Iran will attend this week's Syria peace conference after it pledged to play a "positive and constructive role" in efforts to end the three-year-old war, UN leader Ban Ki-moon said Sunday.
Ban said he made a late invitation to Iran after intensive talks with Iran's Foreign Minister Mohammad Javad Zarif, who agreed to attend.
Iran's involvement means that all the key countries linked to the worsening war will now be at the opening of the peace conference in Montreux, Switzerland on Wednesday.
Talks between President Bashar al-Assad's government and the opposition are due to start in Geneva on Friday.
"Foreign Minister Zarif and I agree that the goal of the negotiations is to establish, by mutual consent, a transitional governing body with full executive powers," Ban said.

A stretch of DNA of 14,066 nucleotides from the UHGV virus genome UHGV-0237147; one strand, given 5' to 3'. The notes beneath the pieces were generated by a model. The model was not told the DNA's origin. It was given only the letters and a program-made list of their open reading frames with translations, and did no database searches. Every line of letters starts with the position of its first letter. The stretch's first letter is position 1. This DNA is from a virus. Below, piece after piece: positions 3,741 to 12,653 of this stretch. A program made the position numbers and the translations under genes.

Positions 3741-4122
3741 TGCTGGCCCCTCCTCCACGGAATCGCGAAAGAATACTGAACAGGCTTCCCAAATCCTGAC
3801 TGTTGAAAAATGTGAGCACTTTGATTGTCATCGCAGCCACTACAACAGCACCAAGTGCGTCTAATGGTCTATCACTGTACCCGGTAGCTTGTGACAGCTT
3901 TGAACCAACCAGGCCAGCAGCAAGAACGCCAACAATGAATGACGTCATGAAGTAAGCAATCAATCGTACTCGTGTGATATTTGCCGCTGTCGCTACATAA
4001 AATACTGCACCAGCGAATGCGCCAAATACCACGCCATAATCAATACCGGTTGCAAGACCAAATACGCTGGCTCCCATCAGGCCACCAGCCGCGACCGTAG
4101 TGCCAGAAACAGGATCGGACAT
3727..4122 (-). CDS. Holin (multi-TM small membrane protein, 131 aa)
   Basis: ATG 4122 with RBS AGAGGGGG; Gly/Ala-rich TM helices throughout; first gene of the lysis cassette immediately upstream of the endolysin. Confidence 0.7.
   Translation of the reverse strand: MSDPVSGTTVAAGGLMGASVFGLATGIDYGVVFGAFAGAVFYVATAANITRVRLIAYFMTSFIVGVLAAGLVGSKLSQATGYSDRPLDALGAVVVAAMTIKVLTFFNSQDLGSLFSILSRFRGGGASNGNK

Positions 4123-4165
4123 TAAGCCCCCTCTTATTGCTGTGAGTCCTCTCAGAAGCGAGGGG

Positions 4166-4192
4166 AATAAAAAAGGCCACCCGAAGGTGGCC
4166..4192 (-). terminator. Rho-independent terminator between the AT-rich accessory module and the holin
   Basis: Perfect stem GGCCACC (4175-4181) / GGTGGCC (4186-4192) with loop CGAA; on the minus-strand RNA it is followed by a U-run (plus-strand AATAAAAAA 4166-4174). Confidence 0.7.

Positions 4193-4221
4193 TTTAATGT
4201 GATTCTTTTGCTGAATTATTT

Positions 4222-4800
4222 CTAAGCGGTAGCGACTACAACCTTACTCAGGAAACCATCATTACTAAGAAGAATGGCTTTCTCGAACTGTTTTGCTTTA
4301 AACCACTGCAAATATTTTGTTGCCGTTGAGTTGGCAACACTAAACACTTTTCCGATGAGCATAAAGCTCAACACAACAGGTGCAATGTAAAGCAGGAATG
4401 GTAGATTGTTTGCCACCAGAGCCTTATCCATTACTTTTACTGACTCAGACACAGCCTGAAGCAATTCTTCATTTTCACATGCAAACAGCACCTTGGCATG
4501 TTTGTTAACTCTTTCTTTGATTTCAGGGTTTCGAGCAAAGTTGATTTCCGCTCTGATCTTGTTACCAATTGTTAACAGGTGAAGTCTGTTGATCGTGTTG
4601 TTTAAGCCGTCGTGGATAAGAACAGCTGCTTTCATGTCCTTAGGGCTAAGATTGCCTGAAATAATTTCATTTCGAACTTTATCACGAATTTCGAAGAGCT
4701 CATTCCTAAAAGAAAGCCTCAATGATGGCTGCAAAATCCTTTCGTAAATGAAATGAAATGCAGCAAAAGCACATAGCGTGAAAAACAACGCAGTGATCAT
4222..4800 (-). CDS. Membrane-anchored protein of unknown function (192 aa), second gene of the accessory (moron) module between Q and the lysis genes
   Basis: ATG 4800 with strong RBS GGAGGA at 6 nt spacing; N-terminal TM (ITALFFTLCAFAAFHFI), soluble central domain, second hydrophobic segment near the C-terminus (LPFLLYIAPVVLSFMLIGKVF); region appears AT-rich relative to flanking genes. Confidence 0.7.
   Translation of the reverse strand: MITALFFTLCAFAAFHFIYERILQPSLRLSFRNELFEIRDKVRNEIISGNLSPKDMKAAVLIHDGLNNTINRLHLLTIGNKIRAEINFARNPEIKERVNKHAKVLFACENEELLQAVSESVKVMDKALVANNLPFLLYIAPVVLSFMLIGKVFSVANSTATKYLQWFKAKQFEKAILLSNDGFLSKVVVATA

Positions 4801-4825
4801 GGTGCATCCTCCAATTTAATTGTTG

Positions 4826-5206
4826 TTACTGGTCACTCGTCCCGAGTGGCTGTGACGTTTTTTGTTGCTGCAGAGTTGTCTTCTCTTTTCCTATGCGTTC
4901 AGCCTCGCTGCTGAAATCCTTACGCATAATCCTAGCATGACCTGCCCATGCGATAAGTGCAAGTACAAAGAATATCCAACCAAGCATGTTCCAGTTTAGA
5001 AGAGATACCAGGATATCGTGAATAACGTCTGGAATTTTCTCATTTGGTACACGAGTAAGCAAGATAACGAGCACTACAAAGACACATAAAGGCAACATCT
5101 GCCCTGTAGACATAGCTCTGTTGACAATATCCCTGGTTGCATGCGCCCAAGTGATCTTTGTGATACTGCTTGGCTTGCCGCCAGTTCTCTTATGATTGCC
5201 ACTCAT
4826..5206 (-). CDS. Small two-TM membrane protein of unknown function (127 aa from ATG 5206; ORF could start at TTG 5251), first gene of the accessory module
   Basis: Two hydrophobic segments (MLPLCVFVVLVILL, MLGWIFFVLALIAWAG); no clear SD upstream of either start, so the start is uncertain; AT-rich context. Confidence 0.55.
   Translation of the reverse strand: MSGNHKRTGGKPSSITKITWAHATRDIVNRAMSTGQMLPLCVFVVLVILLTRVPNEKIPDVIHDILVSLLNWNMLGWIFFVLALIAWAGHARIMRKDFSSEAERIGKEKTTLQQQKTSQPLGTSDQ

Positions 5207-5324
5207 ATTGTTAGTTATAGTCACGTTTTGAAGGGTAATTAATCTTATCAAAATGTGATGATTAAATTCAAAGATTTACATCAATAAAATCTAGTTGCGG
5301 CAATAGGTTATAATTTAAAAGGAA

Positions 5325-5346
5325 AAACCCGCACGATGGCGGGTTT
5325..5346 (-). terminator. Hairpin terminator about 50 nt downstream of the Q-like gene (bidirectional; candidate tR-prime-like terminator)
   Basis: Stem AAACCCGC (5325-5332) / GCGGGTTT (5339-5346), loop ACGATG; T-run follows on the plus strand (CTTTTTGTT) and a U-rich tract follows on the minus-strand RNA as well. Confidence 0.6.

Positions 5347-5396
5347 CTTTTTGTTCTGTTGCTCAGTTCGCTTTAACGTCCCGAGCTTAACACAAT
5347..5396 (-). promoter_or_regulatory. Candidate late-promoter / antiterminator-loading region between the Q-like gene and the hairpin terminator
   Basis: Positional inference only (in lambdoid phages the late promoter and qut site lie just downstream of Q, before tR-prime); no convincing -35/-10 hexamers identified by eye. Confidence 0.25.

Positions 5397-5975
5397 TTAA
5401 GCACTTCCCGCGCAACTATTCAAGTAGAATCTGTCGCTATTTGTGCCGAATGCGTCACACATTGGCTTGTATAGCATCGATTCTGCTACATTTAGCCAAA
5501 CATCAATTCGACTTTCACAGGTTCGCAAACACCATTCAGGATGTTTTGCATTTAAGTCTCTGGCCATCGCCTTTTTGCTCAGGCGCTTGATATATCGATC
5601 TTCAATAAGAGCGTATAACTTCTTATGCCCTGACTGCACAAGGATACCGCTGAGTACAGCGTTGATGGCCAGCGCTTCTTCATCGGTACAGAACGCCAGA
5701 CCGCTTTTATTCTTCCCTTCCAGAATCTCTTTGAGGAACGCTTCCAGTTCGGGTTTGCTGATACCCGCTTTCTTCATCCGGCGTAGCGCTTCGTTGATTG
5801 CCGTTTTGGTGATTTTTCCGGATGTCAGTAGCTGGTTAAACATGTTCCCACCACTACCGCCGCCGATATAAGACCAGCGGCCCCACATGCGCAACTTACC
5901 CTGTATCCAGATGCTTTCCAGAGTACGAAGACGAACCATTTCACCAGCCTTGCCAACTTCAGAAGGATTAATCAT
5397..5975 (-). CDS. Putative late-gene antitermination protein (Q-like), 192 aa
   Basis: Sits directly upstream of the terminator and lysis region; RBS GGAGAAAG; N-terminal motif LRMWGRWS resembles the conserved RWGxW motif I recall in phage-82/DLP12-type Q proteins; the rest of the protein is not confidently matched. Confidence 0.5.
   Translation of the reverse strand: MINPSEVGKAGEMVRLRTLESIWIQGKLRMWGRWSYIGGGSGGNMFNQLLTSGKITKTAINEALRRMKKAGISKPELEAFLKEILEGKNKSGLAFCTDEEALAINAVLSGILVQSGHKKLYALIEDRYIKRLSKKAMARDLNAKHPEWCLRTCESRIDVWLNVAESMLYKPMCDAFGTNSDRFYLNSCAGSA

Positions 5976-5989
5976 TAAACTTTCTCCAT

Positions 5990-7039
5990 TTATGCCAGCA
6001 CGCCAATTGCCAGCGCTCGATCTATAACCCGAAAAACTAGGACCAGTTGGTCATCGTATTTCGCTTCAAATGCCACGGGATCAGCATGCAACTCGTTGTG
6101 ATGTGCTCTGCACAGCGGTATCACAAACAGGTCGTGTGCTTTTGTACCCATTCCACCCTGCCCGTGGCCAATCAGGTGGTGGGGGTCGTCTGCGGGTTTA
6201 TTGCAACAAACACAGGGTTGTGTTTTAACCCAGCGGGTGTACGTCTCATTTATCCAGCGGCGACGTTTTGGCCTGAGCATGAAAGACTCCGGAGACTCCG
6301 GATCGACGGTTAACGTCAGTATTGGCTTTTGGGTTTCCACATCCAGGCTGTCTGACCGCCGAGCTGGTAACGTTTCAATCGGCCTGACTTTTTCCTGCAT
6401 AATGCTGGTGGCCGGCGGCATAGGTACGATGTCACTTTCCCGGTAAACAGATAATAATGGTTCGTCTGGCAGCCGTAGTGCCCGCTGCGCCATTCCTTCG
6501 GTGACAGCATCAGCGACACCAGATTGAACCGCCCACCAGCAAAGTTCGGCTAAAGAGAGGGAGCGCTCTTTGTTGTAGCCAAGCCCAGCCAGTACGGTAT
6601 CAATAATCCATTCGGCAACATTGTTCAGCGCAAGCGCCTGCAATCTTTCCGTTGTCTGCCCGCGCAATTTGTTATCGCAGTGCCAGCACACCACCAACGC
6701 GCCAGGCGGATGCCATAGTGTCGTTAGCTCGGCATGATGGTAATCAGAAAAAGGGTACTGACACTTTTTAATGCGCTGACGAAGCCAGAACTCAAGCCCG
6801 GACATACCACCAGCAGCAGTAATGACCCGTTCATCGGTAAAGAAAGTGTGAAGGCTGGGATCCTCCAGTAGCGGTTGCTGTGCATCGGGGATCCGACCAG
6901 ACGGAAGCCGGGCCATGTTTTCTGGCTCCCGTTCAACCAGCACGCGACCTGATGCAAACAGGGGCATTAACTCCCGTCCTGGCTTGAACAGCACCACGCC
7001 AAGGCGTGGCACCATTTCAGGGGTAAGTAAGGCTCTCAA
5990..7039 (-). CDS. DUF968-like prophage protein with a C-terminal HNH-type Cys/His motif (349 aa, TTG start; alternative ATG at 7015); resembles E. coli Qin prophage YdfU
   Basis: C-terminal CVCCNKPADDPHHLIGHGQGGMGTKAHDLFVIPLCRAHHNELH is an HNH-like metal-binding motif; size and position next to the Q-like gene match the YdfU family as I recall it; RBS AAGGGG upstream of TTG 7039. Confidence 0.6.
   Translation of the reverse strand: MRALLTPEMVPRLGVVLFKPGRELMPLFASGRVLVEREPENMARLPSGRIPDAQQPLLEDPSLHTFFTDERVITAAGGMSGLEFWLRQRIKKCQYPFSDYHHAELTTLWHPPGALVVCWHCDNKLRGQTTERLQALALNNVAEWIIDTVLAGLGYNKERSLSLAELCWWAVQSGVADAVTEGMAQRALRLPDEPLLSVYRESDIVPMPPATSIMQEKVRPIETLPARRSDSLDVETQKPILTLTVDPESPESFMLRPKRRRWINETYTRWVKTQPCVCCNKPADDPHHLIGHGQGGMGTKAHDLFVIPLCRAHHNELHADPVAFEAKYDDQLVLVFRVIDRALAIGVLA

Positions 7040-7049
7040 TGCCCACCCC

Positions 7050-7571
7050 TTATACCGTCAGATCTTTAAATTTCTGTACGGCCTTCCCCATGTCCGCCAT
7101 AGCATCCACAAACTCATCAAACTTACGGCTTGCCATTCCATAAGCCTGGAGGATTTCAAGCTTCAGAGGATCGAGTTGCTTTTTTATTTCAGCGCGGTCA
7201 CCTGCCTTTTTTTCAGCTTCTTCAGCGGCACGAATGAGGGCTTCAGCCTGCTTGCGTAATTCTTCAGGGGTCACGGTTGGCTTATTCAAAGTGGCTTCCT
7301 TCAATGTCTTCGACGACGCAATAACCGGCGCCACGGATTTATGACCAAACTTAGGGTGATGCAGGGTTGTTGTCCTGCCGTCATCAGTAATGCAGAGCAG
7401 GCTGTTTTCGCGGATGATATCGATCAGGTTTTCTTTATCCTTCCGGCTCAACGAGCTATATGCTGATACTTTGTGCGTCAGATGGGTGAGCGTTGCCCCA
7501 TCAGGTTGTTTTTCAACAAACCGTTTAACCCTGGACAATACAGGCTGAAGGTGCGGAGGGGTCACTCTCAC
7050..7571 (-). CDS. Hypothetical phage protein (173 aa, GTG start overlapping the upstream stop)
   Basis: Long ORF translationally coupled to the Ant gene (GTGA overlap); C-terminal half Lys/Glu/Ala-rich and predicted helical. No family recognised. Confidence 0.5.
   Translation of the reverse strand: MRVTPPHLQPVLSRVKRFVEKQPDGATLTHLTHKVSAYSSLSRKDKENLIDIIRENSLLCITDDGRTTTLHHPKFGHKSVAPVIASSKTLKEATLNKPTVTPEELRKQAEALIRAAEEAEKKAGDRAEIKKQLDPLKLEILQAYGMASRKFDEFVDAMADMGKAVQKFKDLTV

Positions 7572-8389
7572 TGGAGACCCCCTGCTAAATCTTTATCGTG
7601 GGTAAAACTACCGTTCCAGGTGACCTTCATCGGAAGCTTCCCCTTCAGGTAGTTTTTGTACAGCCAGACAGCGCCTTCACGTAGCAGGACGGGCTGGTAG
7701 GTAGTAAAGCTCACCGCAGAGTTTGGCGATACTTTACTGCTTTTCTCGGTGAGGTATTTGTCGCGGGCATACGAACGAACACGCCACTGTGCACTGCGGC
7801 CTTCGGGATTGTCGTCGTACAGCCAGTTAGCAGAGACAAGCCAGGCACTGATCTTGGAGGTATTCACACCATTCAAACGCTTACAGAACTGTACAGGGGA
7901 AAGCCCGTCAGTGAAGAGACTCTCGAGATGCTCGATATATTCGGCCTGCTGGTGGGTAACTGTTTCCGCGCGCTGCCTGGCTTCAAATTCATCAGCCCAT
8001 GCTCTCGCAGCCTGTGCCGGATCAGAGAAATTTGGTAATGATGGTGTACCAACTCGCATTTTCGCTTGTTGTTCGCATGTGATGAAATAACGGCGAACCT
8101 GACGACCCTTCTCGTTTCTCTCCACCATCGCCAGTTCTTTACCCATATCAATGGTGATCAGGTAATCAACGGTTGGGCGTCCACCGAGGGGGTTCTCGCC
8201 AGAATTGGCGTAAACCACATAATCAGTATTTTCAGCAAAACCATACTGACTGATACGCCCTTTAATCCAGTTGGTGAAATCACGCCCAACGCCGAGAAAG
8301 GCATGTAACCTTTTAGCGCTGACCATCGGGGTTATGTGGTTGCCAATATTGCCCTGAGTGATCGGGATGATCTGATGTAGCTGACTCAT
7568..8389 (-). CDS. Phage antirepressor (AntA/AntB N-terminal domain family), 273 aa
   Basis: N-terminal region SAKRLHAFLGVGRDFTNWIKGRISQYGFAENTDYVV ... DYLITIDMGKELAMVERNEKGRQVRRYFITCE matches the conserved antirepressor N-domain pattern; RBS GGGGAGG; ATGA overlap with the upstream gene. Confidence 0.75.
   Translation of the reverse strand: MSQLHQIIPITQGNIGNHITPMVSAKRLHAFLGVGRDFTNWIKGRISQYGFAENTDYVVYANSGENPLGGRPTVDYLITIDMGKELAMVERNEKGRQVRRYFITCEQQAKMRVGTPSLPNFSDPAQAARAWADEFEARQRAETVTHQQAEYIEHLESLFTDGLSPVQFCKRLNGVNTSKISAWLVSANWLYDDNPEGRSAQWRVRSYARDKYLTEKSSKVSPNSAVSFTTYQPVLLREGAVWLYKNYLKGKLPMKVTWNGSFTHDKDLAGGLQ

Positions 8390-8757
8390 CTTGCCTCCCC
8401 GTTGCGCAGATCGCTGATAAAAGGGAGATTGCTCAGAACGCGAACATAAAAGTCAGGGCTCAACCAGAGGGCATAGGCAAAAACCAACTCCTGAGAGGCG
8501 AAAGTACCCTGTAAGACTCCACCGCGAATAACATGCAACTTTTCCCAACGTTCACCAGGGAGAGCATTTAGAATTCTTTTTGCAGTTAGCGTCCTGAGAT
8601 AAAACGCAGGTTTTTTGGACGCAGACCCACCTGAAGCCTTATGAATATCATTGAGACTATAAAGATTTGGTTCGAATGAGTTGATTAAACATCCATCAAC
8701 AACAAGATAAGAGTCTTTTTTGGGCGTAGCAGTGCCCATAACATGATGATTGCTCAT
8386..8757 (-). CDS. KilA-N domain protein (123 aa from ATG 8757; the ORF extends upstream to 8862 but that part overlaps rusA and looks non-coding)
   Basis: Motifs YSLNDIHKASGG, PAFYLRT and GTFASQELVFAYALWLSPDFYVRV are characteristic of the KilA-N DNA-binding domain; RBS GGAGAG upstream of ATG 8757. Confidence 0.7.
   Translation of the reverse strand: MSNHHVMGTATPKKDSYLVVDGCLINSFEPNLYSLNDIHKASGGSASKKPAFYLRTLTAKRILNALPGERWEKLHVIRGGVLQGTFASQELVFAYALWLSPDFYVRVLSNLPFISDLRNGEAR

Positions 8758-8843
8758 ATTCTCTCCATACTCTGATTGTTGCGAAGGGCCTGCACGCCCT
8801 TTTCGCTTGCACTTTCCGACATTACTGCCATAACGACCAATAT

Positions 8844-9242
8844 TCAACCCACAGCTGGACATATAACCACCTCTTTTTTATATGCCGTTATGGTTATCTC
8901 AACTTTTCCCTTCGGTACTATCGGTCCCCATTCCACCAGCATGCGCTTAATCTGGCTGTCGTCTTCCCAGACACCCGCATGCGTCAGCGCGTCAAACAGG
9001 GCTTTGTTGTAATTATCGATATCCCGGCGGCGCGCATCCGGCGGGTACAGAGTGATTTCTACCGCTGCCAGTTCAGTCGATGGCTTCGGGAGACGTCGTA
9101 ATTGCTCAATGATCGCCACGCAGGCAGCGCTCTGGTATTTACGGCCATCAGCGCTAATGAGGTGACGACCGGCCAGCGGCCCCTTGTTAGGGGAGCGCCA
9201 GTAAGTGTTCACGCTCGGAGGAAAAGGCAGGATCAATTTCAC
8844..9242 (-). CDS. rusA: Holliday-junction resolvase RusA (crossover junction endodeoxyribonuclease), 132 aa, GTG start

"It was on that basis that Foreign Minister Zarif pledged that Iran would play a positive and constructive role in Montreux," the UN secretary-general added.
The United States and other Western powers had opposed Iran's attendance at the meeting as long as it refused to accept a communique adopted by the major powers in Geneva on June 30, 2012 calling for a transition government in Syria.
"I believe strongly that Iran needs to be part of the solution to the Syrian crisis," Ban said.
Ban said that as convener of the peace conference he has also invited Australia, Bahrain, Belgium, Greece, Luxembourg, Mexico, Netherlands, South Korea and the Vatican.
He said the extra countries would be "an important and useful show of solidarity in advance of the hard work that the Syrian government and opposition delegations will begin."